Competition between monomeric and dimeric crystals in schematic models for globular proteins.
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Advances in experimental techniques and in theoretical models have improved our understanding of protein crystallization. However, they have also left open questions regarding the protein phase behavior and self-assembly kinetics, such as why (nearly) identical crystallization conditions can sometimes result in the formation of different crystal forms. Here, we develop a patchy particle model with competing sets of patches that provides a microscopic explanation of this phenomenon. We identify different regimes in which one or two crystal forms can coexist with a low-density fluid. Using analytical approximations, we extend our findings to different crystal phases, providing a general framework for treating protein crystallization when multiple crystal forms compete. Our results also suggest different experimental routes for targeting a specific crystal form, and for reducing the dynamical competition between the two forms, thus facilitating protein crystal assembly.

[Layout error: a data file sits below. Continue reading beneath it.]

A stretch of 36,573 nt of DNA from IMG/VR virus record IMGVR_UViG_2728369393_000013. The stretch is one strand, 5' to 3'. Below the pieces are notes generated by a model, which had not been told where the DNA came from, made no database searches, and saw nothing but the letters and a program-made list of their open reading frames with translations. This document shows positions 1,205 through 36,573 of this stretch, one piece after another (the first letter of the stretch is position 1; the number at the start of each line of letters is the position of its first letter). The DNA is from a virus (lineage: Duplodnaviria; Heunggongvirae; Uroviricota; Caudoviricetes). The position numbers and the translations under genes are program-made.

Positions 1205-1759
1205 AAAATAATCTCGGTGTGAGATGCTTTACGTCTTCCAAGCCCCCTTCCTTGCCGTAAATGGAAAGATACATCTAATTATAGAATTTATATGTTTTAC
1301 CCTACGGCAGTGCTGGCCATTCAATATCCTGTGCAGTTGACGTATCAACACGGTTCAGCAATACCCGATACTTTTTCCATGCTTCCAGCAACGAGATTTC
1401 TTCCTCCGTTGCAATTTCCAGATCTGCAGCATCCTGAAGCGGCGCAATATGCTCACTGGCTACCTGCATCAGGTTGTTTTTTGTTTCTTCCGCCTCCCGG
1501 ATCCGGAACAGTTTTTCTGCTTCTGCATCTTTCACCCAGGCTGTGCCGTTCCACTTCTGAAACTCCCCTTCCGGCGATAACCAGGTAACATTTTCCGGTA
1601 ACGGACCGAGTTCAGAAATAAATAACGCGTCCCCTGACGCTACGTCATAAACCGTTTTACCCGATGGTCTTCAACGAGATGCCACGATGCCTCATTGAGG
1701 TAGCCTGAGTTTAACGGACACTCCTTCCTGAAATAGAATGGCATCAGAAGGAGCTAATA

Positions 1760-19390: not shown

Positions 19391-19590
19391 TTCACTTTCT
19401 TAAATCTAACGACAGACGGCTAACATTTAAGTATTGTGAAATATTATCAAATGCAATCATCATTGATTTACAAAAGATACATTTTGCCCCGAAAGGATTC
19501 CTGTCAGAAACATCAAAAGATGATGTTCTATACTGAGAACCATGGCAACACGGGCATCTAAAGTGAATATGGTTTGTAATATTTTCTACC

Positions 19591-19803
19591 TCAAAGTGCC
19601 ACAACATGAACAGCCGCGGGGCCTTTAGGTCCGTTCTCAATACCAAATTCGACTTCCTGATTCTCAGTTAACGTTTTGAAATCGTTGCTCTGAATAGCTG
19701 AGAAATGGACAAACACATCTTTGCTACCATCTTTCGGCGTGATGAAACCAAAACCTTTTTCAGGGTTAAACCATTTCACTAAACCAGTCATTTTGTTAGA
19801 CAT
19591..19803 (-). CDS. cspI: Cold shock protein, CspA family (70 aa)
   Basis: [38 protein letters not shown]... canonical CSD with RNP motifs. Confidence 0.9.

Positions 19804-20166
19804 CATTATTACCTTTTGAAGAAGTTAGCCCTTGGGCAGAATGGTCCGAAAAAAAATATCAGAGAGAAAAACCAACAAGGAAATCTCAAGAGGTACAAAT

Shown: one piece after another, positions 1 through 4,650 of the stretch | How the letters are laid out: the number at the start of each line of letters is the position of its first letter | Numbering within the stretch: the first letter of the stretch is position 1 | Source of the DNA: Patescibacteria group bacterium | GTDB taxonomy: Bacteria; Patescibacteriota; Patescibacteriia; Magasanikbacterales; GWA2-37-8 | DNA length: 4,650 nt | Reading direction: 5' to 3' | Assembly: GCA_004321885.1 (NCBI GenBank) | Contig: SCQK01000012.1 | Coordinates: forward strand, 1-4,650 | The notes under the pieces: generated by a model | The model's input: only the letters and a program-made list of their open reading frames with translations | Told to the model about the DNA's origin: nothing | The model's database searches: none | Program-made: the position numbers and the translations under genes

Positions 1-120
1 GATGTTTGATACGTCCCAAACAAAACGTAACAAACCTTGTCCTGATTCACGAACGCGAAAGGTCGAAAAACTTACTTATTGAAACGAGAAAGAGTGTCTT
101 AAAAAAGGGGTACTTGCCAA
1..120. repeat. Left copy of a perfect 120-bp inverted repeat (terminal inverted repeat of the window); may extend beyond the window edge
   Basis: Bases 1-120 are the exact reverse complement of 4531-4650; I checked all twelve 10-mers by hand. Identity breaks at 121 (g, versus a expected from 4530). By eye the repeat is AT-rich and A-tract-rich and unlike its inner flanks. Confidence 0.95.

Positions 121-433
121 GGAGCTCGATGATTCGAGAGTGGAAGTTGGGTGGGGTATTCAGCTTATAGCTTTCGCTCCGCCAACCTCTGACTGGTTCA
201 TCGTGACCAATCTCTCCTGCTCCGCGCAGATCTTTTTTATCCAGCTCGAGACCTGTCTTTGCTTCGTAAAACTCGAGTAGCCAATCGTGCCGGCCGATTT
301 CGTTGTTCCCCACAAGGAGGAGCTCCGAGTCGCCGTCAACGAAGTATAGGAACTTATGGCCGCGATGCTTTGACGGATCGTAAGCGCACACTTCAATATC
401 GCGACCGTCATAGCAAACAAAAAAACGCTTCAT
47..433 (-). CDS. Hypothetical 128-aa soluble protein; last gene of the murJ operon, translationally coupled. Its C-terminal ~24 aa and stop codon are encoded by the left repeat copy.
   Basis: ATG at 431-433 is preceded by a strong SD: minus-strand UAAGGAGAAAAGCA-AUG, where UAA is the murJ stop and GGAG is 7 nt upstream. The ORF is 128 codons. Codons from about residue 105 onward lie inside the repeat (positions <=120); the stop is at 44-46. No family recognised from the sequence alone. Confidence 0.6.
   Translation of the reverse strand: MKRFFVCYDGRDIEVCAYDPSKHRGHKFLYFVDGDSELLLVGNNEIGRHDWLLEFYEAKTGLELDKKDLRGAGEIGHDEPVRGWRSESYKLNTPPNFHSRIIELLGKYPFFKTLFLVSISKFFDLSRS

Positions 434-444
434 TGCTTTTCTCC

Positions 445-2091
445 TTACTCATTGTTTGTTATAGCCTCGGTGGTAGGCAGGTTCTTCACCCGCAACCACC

Published Version (Please cite this version)10.1021/jp5011428
Publication InfoCharbonneau, Patrick; & Fusco, Diana (2014). Competition between monomeric and dimeric crystals in schematic models for globular proteins. J Phys Chem B, 118(28). pp. 8034-8041. 10.1021/jp5011428. Retrieved from http://hdl.handle.net/10161/15343.
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Associate Professor of Chemistry
Professor Charbonneau studies soft matter. His work combines theory and simulation to understand the glass problem, protein crystallization, microphase formation, and colloidal assembly in external fields.